Early Beckwith Settlers Included York Chasseur Men, by Howard Morton Brown, Carleton Place Canadian, 21 February, 1957

This is the third in a series on early life in Beckwith Township prepared by the historian, Howard M. Brown.

 Settlement Day

Predominence in pioneer Beckwith of Scots “having the Gaelic” was limited by families coming from Ireland. These outnumbered annual arrivals from Scotland for several years after 1818, and within three or four years had brought a roughly equal division of numbers of the township’s farms between Irish Episcopelians and Scottish Presbyterians. The number from England remained small, mainly the demobilized war veterans.

A glance at one of the varied problems met by the administrators of settlement operations is permitted by a letter from the Earl of Bathurst, Secretary for the Colonies, to the Duke of Richmond who in the same year died here near the village previously named for him. Dated Downing Street, February 13, 1819, it refers to the undesirable reputation of men of a regiment of whom over twenty-five were offered land in 1819 in a section of Beckwith township between the two lower Mississippi Lakes and present Highway 29:

“My Lord,____The Prince Regent having been pleased to direct that the York Chasseurs should be disbanded in Lower Canada, the Regiment has been ordered from Jamaica for that purpose. On their arrival Your Grace will ascertain what number of the men are disposed to accept of Grants of Land in the Province, and will adopt the necessary measures for locating them in those parts of the Province best calculated for such a Settlement.

Your Grace is no doubt aware that the men composing this corps are to a great degree deserters and men otherwise of doubful character. It will be expedient therefore, in disbanding them in the Province, to prevent as far as possible the interference of the more ill-conducted individuals with the settlements already established.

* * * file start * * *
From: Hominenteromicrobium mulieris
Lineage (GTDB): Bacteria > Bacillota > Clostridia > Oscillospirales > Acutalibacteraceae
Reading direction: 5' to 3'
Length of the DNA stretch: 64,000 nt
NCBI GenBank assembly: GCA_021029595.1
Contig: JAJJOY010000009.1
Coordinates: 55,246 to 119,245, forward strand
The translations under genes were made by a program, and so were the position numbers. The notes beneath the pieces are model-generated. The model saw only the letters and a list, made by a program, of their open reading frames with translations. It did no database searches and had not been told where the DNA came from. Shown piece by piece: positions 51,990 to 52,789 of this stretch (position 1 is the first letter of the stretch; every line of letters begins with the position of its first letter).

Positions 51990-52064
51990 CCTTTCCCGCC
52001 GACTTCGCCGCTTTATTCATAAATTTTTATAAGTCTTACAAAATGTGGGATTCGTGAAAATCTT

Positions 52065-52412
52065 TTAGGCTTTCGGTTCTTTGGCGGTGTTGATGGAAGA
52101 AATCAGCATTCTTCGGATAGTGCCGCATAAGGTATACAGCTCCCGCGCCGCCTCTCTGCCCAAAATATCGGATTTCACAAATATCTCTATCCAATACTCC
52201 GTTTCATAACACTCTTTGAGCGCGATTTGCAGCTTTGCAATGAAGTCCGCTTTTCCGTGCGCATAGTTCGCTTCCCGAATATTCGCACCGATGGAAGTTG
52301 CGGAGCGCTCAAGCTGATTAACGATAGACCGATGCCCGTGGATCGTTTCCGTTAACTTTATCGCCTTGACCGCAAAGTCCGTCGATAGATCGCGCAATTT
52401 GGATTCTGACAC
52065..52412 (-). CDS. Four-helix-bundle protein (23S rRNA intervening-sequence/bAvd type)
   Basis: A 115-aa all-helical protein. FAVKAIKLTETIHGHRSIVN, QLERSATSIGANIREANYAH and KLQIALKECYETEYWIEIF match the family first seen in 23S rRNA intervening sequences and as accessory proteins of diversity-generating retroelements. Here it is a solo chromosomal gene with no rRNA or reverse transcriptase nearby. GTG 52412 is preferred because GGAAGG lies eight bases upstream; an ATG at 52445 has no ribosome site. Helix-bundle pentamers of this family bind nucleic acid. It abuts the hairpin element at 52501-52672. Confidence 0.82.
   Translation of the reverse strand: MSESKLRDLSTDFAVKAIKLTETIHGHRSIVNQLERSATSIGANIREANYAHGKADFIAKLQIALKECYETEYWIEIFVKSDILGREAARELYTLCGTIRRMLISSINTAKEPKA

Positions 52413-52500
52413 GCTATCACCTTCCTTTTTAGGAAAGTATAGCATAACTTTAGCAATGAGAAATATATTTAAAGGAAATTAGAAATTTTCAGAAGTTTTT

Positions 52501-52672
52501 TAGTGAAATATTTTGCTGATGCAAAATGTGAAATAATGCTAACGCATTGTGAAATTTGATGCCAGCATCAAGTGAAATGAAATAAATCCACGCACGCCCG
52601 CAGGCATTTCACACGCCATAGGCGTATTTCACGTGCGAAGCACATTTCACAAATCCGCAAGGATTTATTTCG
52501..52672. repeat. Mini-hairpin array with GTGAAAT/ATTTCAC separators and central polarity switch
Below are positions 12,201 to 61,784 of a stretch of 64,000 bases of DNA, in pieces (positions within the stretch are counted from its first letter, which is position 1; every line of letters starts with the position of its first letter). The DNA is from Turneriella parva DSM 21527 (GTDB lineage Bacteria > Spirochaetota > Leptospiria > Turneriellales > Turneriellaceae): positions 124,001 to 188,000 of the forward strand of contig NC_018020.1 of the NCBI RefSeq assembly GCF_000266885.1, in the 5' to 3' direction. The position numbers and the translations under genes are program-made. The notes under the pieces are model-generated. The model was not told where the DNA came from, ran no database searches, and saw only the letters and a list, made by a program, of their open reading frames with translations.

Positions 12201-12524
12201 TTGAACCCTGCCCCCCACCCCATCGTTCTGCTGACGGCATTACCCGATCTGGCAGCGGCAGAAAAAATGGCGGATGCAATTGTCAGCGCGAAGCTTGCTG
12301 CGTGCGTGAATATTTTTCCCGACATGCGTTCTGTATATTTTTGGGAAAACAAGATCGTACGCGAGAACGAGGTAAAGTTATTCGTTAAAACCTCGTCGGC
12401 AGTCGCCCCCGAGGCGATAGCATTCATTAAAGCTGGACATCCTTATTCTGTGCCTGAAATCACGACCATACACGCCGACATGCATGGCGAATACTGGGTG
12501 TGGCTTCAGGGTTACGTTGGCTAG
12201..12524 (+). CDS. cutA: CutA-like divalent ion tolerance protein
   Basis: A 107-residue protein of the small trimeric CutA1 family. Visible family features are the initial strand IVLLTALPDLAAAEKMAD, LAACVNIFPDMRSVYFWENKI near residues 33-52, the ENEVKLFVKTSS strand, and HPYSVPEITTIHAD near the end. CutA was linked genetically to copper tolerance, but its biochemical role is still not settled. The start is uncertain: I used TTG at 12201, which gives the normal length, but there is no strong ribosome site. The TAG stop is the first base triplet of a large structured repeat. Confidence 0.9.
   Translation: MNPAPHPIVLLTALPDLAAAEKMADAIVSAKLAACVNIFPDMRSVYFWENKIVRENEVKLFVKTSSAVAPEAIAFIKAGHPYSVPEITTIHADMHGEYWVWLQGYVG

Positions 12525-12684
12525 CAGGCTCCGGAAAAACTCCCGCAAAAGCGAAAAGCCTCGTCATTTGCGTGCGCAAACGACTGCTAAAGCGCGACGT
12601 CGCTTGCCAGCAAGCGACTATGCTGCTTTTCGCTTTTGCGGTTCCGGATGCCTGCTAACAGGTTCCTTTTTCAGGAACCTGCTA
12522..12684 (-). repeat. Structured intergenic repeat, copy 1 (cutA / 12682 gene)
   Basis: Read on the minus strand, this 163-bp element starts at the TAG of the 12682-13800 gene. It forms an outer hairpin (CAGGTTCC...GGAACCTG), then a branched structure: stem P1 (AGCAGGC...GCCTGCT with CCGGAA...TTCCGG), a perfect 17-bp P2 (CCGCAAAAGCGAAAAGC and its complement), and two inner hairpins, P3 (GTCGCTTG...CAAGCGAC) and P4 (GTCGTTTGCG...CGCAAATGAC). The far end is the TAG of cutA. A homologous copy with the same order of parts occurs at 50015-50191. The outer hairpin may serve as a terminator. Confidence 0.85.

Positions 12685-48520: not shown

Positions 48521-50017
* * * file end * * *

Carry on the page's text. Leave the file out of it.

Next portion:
The reports of the officers of the Corps will afford the means of distinguishing those who are most worthy of encouragement as settlers. With respect to the other it would certainly be more desirable that every facility should be given to their removal out of the Province. It is with this view that the Lords Commissioners of the Treasury have made provision, in their minute of which an extract is enclosed, for a pecuniary payment in liew of their rations. Your Grace will see the necessity of not making such a payment except under a reasonable expectation that the persons receiving it will without delay take their departure.”

Some half dozen of these “most worthy” men out of the ranks of the York Chasseurs remained in Beckwith township, with locations along the present road from Highway 29 to and including Lake Park, at least long enough to qualify for patent grants. Two died before the end of their first three year term of occupation of their land.

A bright picture of local progress is painted by the Earl of Dalhousie, the succeeding Governor General and Commander in Chief of British North America, after his visit in 1820 to the new settlements. Writing in September from Sorel to Sir Peregrine Maitland, Lieutenant Governor of Upper Canada, he says in part:

“Perth and Beckwith already shew what the whole of these townships severally will be, abounding in population and in produce. When I was there the harvest was getting in, and they all informed me that there was not a settler from Beckwith to Perth around them who might not have one half of his crop as surplus, after setting aside sufficient for his family and seed for next year. The people from Lanark, 1,200 going there, will afford a market for that surplus, and the money paid to them by order from Government will provide the funds. Thus these settlements will benefit each other.